Polychronicon 135: Post-modern Holocaust Historiography

Teaching History feature

By Dr Wulf Kansteiner, published 13th September 2009

Saul Friedländer's 'The Years of Extermination'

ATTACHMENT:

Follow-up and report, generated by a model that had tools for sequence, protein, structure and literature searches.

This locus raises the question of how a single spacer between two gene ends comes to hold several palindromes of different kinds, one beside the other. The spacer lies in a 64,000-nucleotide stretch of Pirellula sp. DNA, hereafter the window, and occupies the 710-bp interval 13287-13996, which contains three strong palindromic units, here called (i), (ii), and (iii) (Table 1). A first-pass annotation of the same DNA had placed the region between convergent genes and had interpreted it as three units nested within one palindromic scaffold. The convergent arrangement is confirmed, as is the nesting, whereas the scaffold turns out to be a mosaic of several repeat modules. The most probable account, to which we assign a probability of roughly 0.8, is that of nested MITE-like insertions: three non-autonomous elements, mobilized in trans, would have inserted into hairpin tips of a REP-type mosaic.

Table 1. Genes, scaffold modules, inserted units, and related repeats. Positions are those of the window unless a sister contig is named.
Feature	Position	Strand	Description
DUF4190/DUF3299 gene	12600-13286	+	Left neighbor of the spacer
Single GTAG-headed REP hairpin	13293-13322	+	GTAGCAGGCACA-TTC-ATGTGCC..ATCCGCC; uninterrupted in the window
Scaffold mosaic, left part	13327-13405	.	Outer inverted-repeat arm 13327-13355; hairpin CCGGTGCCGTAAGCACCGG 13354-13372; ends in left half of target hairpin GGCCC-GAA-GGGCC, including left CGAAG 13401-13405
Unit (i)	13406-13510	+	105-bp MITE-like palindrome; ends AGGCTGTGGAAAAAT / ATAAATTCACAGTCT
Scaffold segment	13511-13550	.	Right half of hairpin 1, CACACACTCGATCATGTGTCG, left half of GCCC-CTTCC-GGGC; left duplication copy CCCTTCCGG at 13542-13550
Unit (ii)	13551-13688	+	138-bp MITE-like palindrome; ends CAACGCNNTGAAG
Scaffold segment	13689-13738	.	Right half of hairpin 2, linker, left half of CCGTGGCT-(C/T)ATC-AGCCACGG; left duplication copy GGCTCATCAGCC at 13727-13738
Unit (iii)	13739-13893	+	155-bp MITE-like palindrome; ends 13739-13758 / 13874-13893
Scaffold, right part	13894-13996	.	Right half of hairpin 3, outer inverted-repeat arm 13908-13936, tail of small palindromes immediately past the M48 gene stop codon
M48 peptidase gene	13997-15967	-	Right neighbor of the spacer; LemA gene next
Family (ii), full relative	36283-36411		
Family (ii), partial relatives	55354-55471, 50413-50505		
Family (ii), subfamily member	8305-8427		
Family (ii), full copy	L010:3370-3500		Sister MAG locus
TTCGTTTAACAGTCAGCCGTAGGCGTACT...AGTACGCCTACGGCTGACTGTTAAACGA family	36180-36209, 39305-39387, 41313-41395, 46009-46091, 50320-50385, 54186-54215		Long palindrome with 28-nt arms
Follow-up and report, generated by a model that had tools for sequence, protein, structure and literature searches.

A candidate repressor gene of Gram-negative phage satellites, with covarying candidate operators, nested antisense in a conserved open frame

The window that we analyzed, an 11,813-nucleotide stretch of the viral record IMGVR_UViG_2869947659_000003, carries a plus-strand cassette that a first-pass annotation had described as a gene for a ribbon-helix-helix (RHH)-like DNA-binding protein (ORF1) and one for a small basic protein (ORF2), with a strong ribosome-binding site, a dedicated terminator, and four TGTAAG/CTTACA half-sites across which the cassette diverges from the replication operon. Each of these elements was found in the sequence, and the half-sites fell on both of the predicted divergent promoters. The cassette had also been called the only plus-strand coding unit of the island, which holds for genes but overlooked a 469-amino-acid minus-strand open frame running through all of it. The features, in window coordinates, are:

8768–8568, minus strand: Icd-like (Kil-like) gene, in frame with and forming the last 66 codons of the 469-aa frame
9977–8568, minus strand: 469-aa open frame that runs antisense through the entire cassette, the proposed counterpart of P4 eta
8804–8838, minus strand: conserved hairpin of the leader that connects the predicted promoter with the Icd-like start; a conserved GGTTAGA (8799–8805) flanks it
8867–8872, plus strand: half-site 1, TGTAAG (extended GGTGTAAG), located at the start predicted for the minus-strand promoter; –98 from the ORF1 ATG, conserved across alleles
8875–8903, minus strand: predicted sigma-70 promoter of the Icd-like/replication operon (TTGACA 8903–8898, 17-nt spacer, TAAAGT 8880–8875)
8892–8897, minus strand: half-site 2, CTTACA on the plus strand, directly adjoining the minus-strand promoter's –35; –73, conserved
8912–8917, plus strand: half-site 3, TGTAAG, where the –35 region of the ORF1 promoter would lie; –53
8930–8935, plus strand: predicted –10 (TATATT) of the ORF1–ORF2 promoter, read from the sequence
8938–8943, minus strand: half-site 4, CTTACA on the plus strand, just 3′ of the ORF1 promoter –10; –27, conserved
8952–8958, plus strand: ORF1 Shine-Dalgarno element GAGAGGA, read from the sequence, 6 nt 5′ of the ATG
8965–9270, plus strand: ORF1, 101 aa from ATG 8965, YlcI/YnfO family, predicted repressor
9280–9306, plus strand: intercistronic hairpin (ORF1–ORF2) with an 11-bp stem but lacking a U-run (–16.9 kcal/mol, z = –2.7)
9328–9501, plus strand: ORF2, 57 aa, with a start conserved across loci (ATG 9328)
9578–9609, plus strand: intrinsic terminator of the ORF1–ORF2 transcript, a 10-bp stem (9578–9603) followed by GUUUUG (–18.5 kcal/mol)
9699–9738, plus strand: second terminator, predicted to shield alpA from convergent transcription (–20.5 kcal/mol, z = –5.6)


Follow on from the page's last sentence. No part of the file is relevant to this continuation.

The field of Holocaust studies has been hit by an intellectual earthquake whose precise magnitude and long-term consequences cannot be ascertained at this stage. In 2007 Saul Friedländer published The Years of Extermination: Nazi Germany and the Jews 1939-1945. The book has been rightly celebrated as the first victim-centred synthetic history of the Holocaust and won its author many prizes including a Pulitzer Prize. Friedländer has  managed to write a transnational history of the ‘Final Solution' that captures the evolution of Nazi anti-Jewish policies and the extensive record of collaboration and indifference throughout Europe in great detail. At the same time, with exceptional literary finesse, Friedländer integrates into that comprehensive history the voices of the victims which he carefully gathered from diaries and memoirs. Yet The Years of Extermination accomplishes a lot more than simply documenting how the victims reacted to a genocidal campaign whose history has all too often been told from the perspective of the perpetrators. The book represents an ethical landmark because Friedländer developed an innovative, radical narrative structure which performs the victims' point of view and thus calls into question the limits of Holocaust studies and historical writing in general.

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